Instead of blaming Serrano for being the provocateur, the blame was placed squarely on the Christian “fundamentalists”, where in this case, the blame lies. Serrano broke no laws by exhibiting, the protestors did by destroying the “art” (or in this case, a photo of the aforementioned “art”).

Far from being something that should be dismissed as “business as usual”, this biased reportage in the mainstream media and the exculpatory attitude of government toward Islamic violence  is being institutionalized and as such, something that we must be keenly aware of. The infiltration of the government and the press by leftists, the anti-religious and secular humanists render them incapable of honest reconstruction of events. As such, far too much of the “news” that we hear, read and see today is not “news” at all – it is the opinion of the reporter, the news outlet and/or the government.

One of my co-bloggers here, Black3, properly calls it by its name: propaganda – and propaganda it is.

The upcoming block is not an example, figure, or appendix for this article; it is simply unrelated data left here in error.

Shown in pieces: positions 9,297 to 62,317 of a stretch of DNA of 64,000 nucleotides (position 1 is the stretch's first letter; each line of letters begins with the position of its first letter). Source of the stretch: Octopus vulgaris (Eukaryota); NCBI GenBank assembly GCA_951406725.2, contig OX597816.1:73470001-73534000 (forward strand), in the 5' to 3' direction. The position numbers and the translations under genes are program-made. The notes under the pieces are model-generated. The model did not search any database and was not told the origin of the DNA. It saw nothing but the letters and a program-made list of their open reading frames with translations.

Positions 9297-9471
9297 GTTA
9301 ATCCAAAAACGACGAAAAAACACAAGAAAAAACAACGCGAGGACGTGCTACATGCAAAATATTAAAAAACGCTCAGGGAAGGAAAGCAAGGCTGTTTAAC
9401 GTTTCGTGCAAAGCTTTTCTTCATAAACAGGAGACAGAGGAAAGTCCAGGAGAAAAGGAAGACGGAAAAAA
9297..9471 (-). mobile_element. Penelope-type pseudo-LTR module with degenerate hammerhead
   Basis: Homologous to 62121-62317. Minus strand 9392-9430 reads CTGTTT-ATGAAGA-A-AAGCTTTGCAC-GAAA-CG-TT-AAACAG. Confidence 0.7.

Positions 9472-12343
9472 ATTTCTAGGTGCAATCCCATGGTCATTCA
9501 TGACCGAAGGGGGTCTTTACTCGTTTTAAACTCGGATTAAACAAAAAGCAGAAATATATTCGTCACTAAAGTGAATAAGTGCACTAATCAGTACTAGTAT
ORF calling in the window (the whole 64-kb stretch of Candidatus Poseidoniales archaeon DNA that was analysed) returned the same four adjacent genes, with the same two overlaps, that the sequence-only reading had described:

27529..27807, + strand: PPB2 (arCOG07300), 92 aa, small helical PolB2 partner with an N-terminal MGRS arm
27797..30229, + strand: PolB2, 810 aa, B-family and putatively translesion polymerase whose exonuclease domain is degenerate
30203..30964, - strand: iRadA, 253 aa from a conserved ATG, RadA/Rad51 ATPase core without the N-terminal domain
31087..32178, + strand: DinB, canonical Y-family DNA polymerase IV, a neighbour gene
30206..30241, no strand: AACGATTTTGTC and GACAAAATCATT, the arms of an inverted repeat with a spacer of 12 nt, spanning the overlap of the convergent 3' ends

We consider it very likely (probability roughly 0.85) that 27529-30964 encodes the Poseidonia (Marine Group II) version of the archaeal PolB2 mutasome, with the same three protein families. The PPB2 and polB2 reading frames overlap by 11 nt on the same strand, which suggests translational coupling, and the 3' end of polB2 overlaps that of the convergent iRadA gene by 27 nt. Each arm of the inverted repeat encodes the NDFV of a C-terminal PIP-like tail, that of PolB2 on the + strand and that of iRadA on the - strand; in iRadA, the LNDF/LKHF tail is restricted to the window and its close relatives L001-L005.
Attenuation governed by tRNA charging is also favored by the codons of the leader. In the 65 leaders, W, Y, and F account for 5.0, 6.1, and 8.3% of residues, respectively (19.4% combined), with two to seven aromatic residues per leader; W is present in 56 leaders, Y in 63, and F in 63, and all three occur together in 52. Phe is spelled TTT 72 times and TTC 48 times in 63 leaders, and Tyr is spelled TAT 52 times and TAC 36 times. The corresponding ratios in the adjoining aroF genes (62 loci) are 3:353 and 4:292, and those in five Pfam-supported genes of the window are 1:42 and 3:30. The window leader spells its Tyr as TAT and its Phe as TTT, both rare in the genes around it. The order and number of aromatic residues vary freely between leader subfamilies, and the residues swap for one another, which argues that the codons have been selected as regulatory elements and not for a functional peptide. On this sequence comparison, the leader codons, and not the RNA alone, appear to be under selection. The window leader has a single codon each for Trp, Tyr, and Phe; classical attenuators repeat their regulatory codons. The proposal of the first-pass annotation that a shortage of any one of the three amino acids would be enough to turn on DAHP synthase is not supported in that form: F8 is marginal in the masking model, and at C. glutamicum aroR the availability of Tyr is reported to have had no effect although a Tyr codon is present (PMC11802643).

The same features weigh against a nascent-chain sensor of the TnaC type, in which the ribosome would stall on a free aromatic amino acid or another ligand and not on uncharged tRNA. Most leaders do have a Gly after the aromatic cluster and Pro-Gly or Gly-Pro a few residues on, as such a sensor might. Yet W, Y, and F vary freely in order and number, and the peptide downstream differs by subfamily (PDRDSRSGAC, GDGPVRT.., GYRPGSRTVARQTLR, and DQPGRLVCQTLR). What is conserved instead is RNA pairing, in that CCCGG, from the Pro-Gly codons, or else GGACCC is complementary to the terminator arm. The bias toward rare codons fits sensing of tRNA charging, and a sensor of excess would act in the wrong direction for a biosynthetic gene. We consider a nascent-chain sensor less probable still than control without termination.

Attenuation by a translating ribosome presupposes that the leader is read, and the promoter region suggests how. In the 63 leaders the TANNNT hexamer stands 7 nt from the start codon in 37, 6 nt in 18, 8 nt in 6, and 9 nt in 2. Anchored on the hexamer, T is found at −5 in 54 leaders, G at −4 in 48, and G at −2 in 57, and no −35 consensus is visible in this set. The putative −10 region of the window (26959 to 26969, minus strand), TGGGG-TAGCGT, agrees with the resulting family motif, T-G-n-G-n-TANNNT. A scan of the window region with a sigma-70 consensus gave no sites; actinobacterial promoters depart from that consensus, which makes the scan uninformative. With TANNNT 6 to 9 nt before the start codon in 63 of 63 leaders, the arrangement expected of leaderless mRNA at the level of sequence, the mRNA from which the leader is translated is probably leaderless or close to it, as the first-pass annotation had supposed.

29 thoughts on “Firebombing Time Magazine, NPR and AOL/HuffPo

  1. This really goes hand-in-hand with your polipundit article. I’m so glad you wrote on this.

    “This piece by Bruce Crumley is so paradoxical in construction, so catastrophically flawed in reason and so whimpering in submission that it is almost comical, a farce complaining about a satire.” Pefection….

    I wish all your boys/gals would put their 2 cents in. I’m the reading sponge…

    Dang! I think Guy’s getting Christmas trees…..

  2. Your ‘rape victim’ parallel brings the lunacy of Crumley’s piece into focus. Well done, sir! I support the 1st amendment the way the NRA supports gun rights. Popular speech needs no protection; Hebdo does.
    I wonder if the French law has anything like the 1st. If so, they need to come down hard on violators.

    I quit visiting the HuffPo site because they were countering inaccurate hysteria from the right with own hyperbole and lack of perspective. I have always loved Arianna, even when she was handing liberals their hat liberals on Buckley’s show. She is a devastating debater. But her spawn has gone off the rails.

    • And I hate it when you generalize. There are over 600 posts on this site, there is not one word written that is disrespectful to mainstream Islam…only to radical Muslims who aim to use Islam as a political tool.

    • True, because MOHAMMED advocated much the same thing that has been done in his name.

      It would sort of be like claiming Jefferson would object to those who have advocated for individual rights and liberty in his name.

  3. Has there ever been a religion without a split? Here is a favorite joke of mine, as told by Emo Philips